As I put fingers to keyboard to begin writing about our three weeks in Iran, I want to rewind for just a bit to write a few words about traveling in today’s world.
Rousted at the Airport
Waiting for our flight from Geneva to Washington, D.C. we were rousted out of the waiting area – near the gate – by airport security. We had checked in at the counter to check our bags, we had successfully passed through security and then successfully passed through customs before making our way to the waiting area.
For whatever reason everyone sitting in the waiting area was ushered out, asked to form a line and then questioned yet again. Have you bought anything in the airport? Have you had your bag with you the entire time? Did anyone ask you to carry anything for them? Yes. Yes. No. You may return to the waiting area. Abi, not so fortunate. He was randomly selected for a pat down right there in the waiting area. Others received the same pat down while others were told to go directly to the check-in counter for yet another round of questions, while still others were cleared to return to their seats.
Through the Gauntlet
We’d never experienced anything like it and I must say it was a bit disconcerting. We don’t know if they were looking for someone/something specific, or if they were just running everyone through the gauntlet, but we believe it was coming from U.S. mandates. There were 9 United Airline clerks working that counter. When we left the U.S. we were lucky to find 1 person to assist with the self check-in portals. The powers to be are not worried about who’s leaving the country, but they are certainly paying attention to who is entering.
Security in Spain
While in Europe we traveled by train on 9 different days and each of those days presented us with a fun travel experience. Well, the overnight train was not exactly fun, but give me train travel over flying any day! If only they could build rail tracks across the Atlantic. Of those 9 train travel days, there were only 2 days in which the security was extra tight and both days were in Spain. Leaving Madrid and leaving Barcelona we were required to check in through security. Spain has a history with terrorism on trains, so we weren’t at all surprised.
Traveling in Today’s World
What’s my point in telling you this? Sadly, it seems to be the state of affairs for traveling in today’s world. It’s the name of the game and patience is the wisdom to live by, no matter the level of personal frustration. Grin and bear it as they say, but please don’t let it stop you from getting out there to see the world.
It took me 20 years to make the decision to travel, with Abi, to Iran for a multitude of reasons, one of which being how the mass media portrays the middle east as a scary unstable part of the world. But now I find myself asking if Iran, specifically, really is. Is traveling to Iran any more dangerous than any other part of the world?
Too Quick to Judge
The middle east certainly has its share of bad news, there is no question about that. But if we talk country specific so does the United States (and much of ours is home grown) so does Spain, France, England, Australia, … is there a country in the world that truly doesn’t? Is it that we’re too quick to judge foreign lands before we judge ourselves? Before making the trip to Iran I had to purposely tune out the mass media, which as we all know tends to perpetuate the ugly side of life. This is not to say that there are not issues with Iran, there are, but my point is … is it any more dangerous?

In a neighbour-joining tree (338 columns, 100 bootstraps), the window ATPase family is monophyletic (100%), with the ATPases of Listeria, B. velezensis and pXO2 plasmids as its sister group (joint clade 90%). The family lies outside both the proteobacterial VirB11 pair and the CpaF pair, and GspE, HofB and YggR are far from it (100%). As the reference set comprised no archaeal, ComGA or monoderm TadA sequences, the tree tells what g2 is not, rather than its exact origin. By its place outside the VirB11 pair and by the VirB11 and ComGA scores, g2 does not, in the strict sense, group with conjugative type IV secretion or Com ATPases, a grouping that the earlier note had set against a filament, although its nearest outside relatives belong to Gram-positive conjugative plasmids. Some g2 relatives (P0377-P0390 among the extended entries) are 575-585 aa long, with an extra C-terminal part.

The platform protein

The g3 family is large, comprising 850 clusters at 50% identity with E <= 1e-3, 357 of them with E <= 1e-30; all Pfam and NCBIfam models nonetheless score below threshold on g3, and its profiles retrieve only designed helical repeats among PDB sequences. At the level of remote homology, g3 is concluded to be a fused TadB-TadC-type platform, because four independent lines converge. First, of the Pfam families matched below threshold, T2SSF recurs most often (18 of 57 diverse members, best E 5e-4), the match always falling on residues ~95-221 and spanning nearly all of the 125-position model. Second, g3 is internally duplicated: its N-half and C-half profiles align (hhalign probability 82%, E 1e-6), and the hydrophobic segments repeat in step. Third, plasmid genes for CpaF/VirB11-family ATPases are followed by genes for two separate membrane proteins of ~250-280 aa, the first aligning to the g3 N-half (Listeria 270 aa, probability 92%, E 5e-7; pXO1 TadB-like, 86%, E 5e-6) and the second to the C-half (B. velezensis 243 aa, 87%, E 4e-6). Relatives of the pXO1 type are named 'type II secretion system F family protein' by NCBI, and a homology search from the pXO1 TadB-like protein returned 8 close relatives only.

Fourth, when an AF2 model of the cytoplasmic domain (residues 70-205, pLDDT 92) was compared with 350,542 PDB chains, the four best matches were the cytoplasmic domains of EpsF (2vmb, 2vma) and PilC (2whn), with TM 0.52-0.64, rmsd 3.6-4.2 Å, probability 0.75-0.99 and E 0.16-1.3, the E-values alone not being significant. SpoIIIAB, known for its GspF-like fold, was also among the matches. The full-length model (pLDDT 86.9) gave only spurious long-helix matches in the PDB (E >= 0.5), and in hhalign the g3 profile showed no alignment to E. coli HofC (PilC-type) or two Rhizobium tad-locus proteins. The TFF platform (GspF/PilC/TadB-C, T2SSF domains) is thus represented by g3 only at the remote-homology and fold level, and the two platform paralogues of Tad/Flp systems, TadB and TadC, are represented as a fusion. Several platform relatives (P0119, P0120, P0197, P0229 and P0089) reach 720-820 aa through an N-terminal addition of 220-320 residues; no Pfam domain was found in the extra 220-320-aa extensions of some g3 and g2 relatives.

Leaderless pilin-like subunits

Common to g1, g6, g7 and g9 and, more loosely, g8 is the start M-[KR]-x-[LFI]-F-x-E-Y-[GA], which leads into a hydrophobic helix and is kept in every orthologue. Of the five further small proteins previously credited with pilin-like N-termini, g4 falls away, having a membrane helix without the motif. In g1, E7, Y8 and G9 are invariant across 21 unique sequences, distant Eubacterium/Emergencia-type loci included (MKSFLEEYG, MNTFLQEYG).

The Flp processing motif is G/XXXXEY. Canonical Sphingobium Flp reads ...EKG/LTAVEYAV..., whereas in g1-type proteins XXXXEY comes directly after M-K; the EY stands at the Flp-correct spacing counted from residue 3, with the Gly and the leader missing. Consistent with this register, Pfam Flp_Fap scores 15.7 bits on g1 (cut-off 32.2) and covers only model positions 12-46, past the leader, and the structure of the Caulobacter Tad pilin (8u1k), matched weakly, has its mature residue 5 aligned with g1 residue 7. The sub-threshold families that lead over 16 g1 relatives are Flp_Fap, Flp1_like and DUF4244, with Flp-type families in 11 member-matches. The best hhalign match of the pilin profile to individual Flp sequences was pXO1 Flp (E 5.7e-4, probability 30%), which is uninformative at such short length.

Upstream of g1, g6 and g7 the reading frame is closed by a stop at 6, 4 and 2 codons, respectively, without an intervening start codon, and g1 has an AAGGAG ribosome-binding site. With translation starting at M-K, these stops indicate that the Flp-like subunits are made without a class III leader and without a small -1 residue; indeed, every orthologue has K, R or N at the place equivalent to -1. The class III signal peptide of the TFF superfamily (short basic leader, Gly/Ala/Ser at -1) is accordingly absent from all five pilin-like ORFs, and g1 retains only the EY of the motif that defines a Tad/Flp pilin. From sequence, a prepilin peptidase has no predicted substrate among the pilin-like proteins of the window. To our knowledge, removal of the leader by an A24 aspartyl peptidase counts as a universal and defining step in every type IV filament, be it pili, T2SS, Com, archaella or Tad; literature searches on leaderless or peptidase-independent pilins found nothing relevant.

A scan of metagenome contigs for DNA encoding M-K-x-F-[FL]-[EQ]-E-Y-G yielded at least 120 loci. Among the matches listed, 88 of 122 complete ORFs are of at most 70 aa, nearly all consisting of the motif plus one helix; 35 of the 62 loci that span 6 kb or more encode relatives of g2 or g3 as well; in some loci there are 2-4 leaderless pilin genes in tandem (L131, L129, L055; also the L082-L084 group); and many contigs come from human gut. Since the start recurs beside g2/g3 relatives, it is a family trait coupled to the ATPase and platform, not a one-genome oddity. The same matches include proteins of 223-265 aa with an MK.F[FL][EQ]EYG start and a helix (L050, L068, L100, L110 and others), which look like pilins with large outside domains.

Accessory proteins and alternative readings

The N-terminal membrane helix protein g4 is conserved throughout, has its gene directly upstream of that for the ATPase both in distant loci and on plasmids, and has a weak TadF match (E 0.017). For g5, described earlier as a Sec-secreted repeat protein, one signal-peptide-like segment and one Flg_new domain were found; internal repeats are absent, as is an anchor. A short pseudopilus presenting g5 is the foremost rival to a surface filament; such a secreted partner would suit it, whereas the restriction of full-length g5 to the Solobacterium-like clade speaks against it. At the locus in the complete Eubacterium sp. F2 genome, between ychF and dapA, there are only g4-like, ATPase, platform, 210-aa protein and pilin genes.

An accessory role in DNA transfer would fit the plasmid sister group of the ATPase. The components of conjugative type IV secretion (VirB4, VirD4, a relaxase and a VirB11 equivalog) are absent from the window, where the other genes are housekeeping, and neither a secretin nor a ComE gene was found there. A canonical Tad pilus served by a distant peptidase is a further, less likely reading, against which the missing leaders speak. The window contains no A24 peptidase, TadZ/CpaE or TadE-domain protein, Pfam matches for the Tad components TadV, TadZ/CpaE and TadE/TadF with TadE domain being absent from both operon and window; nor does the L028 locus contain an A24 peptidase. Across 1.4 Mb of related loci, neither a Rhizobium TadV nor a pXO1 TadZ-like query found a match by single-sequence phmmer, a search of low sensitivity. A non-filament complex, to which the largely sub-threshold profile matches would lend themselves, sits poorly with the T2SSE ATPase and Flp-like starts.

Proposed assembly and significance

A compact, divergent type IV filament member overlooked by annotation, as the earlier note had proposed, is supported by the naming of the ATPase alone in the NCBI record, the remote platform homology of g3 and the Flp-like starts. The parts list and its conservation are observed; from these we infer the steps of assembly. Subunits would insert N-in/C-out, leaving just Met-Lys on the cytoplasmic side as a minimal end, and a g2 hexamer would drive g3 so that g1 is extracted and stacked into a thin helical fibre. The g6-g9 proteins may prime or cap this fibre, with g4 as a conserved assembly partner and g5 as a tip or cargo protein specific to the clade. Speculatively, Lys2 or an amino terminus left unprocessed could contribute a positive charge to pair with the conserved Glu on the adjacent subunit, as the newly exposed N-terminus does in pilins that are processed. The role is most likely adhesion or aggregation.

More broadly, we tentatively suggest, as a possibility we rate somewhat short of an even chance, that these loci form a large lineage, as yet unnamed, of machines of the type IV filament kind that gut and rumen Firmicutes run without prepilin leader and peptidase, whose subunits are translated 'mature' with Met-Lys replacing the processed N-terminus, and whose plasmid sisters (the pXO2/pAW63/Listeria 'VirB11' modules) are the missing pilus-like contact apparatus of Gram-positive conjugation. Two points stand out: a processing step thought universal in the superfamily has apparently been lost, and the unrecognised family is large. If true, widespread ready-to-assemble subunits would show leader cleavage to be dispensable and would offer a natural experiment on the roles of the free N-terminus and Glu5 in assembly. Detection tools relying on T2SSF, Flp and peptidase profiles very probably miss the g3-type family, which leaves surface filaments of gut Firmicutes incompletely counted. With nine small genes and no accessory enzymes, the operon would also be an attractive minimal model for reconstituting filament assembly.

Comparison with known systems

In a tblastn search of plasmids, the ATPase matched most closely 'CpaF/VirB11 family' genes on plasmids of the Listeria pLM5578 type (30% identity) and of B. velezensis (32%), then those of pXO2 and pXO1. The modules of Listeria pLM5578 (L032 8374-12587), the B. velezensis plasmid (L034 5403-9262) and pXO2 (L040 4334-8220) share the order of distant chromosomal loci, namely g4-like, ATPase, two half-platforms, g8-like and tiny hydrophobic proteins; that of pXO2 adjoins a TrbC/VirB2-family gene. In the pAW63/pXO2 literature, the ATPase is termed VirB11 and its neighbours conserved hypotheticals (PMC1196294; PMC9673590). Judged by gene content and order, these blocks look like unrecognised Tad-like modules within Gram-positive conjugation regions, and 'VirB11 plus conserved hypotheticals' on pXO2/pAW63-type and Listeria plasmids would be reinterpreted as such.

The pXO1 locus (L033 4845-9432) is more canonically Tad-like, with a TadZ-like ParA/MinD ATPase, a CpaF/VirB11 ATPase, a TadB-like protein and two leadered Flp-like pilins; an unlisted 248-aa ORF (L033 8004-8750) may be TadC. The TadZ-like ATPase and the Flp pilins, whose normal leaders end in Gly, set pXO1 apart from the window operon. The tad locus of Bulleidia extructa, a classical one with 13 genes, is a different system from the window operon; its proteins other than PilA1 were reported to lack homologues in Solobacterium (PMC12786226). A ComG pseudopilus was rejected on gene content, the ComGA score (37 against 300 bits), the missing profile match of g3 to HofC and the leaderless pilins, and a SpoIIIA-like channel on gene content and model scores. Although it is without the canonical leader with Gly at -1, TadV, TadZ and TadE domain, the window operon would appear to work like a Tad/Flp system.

There is no U.S. Embassy in Iran and that in itself can lead to concerns. On the flip side there is, of course, no Iranian Embassy in the U.S., but there is an Office of Iranian Interest in the Embassy of Pakistan in Washington, D.C. United States citizens can in fact travel to Iran, but they must travel with a sanctioned tour group and/or guide. If you happen to have dual citizenship with a country such as Norway, you can freely travel to Iran on your Norwegian passport. Abi and I traveled on our Iranian passports. The tourist industry is slowly burgeoning in Iran and Americans are finding themselves more than welcome.
Arrivals and Departures
We flew from Frankfurt, Germany to Tehran, Iran on Lufthansa Airlines; a 5 1/2-hour flight. Foreign carriers do not stay on the tarmac overnight in Iran, although I believe the flight crews stay. Lufthansa flights land at 1:30 a.m. and the same plane with a new crew departs at 3:30 a.m. This practice dates back to the revolution nearly 40 years ago. Before the revolution Lufthansa may have had multiple flights in/out of Tehran every day, now there is 1 flight in, 1 flight out each day.
Just like arriving in any other country, when arriving in Tehran one passes through customs with your passport. If you are American, British or Canadian you’ll be fingerprinted, but we weren’t because we were traveling on our Iranian passports. However, because it was my first time entering the country, the customs agent asked several questions, which of course I did not understand so Abi answered for me.
Hugs, Kisses & Tears
Is this your first time in Iran, are you married, do you have children, etc. I will admit I was nervous, but I kept smiling and she was quite friendly and welcomed me. Once clear of customs we picked up our checked luggage and were greeted with open arms by at least 30 members of Abi’s family. Hugs, kisses, tears, flowers, like any other family in any other part of the world embracing the weary travelers.
This is the 1st, of a series of posts, from our 3 weeks in Iran.